Don Park posted a note about big binary objects as RSS items. I suggested he look into enclosures in RSS. If you have Radio running, there's a page of prefs for enclosures. The feature was introduced in RSS 0.92. Enclosures are powerful but brain-dead simple. Read up on them, there's a new distribution model, one that gets rid of the click-wait for large media objects. Adam Curry turned me on to the idea over deli food in NYC. It's brilliantly simple. Virtual bandwidth. (BTW, I got a note a few days ago that ESPN is using RSS enclosures in a new app. So the feature didn't go completely unnoticed. )
The NY Times posits that an All-California World Series is good for the stock market as long as it's North-South. "In 1989, the two Northern teams squared off, with the Giants losing to the Athletics. So intense was that competition that the ground shook, and the series was delayed by a severe earthquake."
4/24/95: "I'm a mystic when it comes to baseball. Living in California, I'm also a mystic when it comes to earthquakes."
What is Ridiculously Easy Group Forming?
Kasia is a software engineer at tickets.com, where World Series tickets were supposedly on sale today. "The pipe to the net just couldn't stand the traffic," she says. "It wasn't the servers, it was somewhere before that."
News.Com: "Tickets.com spokeswoman Melissa Zukerman acknowledged the problems."
Don Park: "I hate XML Namespaces."
Bing! Jake got two bleacher tickets for Thurs and offered me one. Excellent. So I'm going to at least one game (unless someone sweeps, it's game 5). There's also a possibility of a seat for Saturday in Anaheim. I'll do that too.
Bret Fausett: "In preparation for the Shanghai meeting, Thomas Roessler is aggregating all of the icann-related weblogs."
Scoble: "All tickets for the World Series are now sold out."
John VanDyk: "I'd be interested in talking privately with anyone who is using RSS successfully within a knowledge domain. I'm putting together a session for a national symposium in April on RSS."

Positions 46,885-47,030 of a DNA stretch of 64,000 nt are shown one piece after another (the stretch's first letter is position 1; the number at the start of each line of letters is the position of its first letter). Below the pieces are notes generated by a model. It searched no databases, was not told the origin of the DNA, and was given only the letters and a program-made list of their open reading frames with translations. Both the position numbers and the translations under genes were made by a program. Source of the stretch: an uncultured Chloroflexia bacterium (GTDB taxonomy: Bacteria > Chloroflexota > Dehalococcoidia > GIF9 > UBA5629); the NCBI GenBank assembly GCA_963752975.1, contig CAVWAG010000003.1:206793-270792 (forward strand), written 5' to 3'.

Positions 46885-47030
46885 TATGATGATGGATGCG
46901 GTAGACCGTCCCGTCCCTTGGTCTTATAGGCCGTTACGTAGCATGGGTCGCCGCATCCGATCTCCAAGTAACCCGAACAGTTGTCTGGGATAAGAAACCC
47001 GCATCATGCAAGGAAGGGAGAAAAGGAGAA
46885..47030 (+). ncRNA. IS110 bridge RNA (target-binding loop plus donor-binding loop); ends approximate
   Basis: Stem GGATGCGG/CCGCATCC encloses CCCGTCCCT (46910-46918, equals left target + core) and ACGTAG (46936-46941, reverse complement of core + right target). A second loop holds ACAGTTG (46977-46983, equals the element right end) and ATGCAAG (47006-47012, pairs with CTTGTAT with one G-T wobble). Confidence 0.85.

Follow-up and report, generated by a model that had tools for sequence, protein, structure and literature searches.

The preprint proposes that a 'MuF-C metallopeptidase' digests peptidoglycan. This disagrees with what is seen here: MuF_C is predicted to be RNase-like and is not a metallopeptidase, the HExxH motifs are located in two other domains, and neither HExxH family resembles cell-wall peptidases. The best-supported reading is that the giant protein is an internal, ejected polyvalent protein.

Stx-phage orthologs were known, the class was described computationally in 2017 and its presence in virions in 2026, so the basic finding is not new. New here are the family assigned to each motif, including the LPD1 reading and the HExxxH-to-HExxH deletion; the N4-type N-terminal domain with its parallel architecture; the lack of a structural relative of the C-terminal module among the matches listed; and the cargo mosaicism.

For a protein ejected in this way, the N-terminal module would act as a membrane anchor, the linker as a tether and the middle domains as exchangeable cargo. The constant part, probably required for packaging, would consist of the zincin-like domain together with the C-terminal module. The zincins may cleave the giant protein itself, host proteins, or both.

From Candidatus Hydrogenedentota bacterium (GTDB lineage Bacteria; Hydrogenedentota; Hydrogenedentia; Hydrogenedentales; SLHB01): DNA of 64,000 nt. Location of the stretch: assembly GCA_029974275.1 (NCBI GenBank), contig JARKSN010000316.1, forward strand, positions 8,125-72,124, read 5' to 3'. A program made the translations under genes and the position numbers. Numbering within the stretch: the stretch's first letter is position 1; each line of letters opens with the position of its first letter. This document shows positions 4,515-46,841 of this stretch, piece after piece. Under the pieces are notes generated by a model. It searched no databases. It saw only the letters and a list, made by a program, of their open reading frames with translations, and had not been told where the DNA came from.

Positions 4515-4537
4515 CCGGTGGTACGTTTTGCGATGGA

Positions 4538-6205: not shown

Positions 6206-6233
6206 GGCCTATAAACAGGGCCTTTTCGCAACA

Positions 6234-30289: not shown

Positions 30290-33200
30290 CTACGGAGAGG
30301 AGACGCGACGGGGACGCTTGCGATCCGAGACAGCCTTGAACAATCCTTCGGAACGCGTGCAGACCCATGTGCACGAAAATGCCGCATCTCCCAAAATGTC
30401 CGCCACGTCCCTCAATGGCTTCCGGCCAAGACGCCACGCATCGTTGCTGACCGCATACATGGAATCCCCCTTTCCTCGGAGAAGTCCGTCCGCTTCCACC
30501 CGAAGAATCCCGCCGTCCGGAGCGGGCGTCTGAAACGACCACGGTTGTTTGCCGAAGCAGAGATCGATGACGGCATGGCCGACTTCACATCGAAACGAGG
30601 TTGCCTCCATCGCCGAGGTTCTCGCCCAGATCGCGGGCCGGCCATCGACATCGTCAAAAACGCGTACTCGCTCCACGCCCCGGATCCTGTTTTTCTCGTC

Douglas Bowman: "One user wants one thing, another user wants it the exact opposite." I've noticed that too.
Mark Pilgrim: "Seamless inline editing (like WYSIWYG HTML mode in IE/Win) is apparently being held up by an internal flame war among the Mozilla developers."
Okay I gotta say it. I'm looking for four tickets to any World Series game at Pac Bell Park. Failing that, I'll take one ticket to any game. I really want to go the Series this year. I'd like to take three friends. We can't afford the scalper prices. We can probably go as high as $250 per seat. So if you appreciate Scripting News, and want to help out an old baseball fan, send me an email. Thanks!
Wired: "A controversial portion of digital copyright law will get a public airing next month."
It's the software, dummy!
Markoff: "At this year's Agenda conference, traditionally an upbeat gathering of the computer and Internet industries' elite, attendance was low and the mood even lower. Executives engaged in a hunt for the bottom of the decline with few seeing even a hint of new growth on the horizon."
Here's my pledge to growth in the Valley. I'm refinancing my house and taking out a bit of extra money, and I'm going to use $2,000 of that to buy a new multi-gigahertz laptop to run some software that Bill Gates has never even heard of. It's mission-critical for me, and it would love more gigahertz.
In Andy Grove's Valley of Death they only buy software from Bill, and he ran out of new ideas when he drove Lotus out of business. Or was it Novell? What our industry needs more than anything is software to soak up those cycles productively and not just for games. But there have to be features that drive adoption. Markoff's story concludes that it may have been the music industry that sparked the doldrums in computers. That, and Microsoft's software monopoly. Moore's Law continues to rage on, but there's no software to soak up the cycles. Or is there?
Kevin Werbach and Dan Shafer said it so well yesterday. It's so recursive. It's staring you in the face. Get a weblog and do your readers a favor, let them know where the next round of growth is going to come from. Andy Grove, it must be great to have so many accomplishments. Encourage the young people at Intel to get out more and stop looking to Microsoft for all the new software. Fund the resurrection of software in the Valley. You need us to sell more hertz, and that's what you sell. Right? Let's pop the stack back to the 70's when we did technology in Silicon Valley. Software, software, software, that should be our mantra.
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